The internal fixation is an important part of medical treatment, which needs to be constantly improved. At present, the metal and polymer are the two main types of internal fixation material in the clinic which have advantages but also a lot of problems. The ideal internal fixation material should have the following characteristics [9]: (1) good biocompatibility, (2) no side effects such as carcinogenic, mutagenic, and toxic, (3) sufficient mechanical strength without stress shielding effect, (4) biodegradable and absorbable property to avoid economic and spiritual burden caused by the second surgery, (5) biological activity to promote fracture healing. Thus, finding a more suitable internal fixation material has become one of the hotspot problems.

Magnesium alloy, as a kind of biodegradable material, is degradable in vivo through simple corrosion and exhibits mechanical properties similar to the native bone. The elastic modulus (35–45 GPa) is very close to that of the human bone and can effectively avoid stress shielding effect. At the same time, the degradation of magnesium alloy can form an alkaline environment neutralizing acid environment caused by inflammatory reaction, which can stimulate the secretion of bone morphogenetic proteins promoting bone formation [10]. Wrought magnesium alloy does not only have high strength but also have good ductility and can satisfy the need of medical implants about different shapes. After the implantation in vivo, the magnesium alloy will release an amount of hydrogen, which can be controlled by adjusting the degradation rate [11]. A large amount of hydrogen can be discharged from the body through the exhaust needle and a small amount of gas can be removed out of the body through the blood circulation and metabolism. In vivo, Mg+ has the antagonism of vascular contraction and blood coagulation caused by calcium ion. Moreover, the magnesium ion also can dilate blood vessels, reduce the formation of thrombus, and control the disease such as arrhythmia effectively [5]. In addition, the magnesium alloy can be implanted into the body several times. Compared with the titanium alloy used in clinic at the present, the magnesium alloy has a significant effect on the formation of a new bone [12].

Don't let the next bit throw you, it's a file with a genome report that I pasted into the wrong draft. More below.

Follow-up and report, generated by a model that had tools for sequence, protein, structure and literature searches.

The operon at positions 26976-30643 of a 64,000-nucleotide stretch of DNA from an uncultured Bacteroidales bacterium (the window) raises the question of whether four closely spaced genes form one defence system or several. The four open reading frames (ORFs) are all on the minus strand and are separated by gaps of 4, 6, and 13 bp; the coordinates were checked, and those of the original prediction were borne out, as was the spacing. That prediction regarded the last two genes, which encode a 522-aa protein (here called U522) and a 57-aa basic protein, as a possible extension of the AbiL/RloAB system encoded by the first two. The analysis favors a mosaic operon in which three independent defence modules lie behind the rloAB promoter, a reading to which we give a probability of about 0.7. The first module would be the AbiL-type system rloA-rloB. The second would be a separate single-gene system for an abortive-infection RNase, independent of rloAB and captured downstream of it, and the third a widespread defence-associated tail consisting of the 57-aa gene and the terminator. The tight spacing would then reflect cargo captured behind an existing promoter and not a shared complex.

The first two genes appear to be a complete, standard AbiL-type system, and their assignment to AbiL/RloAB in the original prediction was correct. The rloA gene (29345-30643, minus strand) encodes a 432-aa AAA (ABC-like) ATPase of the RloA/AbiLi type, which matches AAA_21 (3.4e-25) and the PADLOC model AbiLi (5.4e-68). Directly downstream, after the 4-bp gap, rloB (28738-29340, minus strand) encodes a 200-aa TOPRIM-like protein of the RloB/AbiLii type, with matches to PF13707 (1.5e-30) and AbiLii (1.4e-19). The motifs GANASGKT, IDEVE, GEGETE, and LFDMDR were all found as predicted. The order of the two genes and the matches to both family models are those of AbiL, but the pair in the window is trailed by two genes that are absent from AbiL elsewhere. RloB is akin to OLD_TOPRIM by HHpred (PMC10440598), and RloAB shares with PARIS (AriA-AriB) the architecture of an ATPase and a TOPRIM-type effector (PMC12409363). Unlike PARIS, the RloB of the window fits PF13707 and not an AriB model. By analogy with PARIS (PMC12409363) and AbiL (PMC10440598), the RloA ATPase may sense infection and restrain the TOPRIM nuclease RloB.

If the defect size of mid-radius was more than or equal to 1.4 cm, the defect will not repair itself which had been reported by Prof. Zhao [13]. Due to the congenital osseous fusion of the ulna and radius in the two front legs of rabbit, the ulna can play a role of support after fracture and external fixation treatment is not required. Meanwhile, other factors such as shear stress on the implanted materials can be avoided [9]. In this study, the bilateral radial fracture model was created by the bite bone clamp and the wound was 3 mm, maintaining the consistency of fracture model and avoiding the influence of other factors. In addition, surface modification by MAO which is a very promising technology of implant has been successfully applied to the surface of titanium implants [14]. MAO has the characteristics of firmness, compactness, high toughness, and resistance to wear, corrosion, and high temperature. What is more, the coating thickness can be adjusted according to the voltage and current, and Ca and P elements can be deposited on the surface according to the different electrolyte which is helpful to the adsorption of osteoblasts [11]. Coating by MAO can effectively reduce the degradation rate of magnesium alloy; the produced Mg(OH)2 covered on the surface can also inhibit the degradation of the magnesium alloy.

Regenerated bone was always found around the implanted magnesium alloy, which is derived from neutralization of OH produced by the degradation of magnesium alloy and the acidic substances produced by inflammatory reaction stimulating the secretion of bone morphogenetic proteins. At the same time, Mg2+ is one of the components of the bone and can promote the deposition of calcium salt, which can also accelerate the formation of the bone and promote fracture healing [5]. So, A group without coating released the best result of healing situation. Magnesium alloy, after all, belongs to substance in vitro and will cause foreign body reaction after implantation in vivo but which is relatively minor and will not cause damage to the body. Local emphysema produces local swelling and pain symptoms without other adverse effects at present. Through the observation about tissue pathological section of the heart and kidney, no obvious abnormality was found. Therefore, the implantation of magnesium alloy has no negative impact on the circulatory system and urinary system of the rabbits.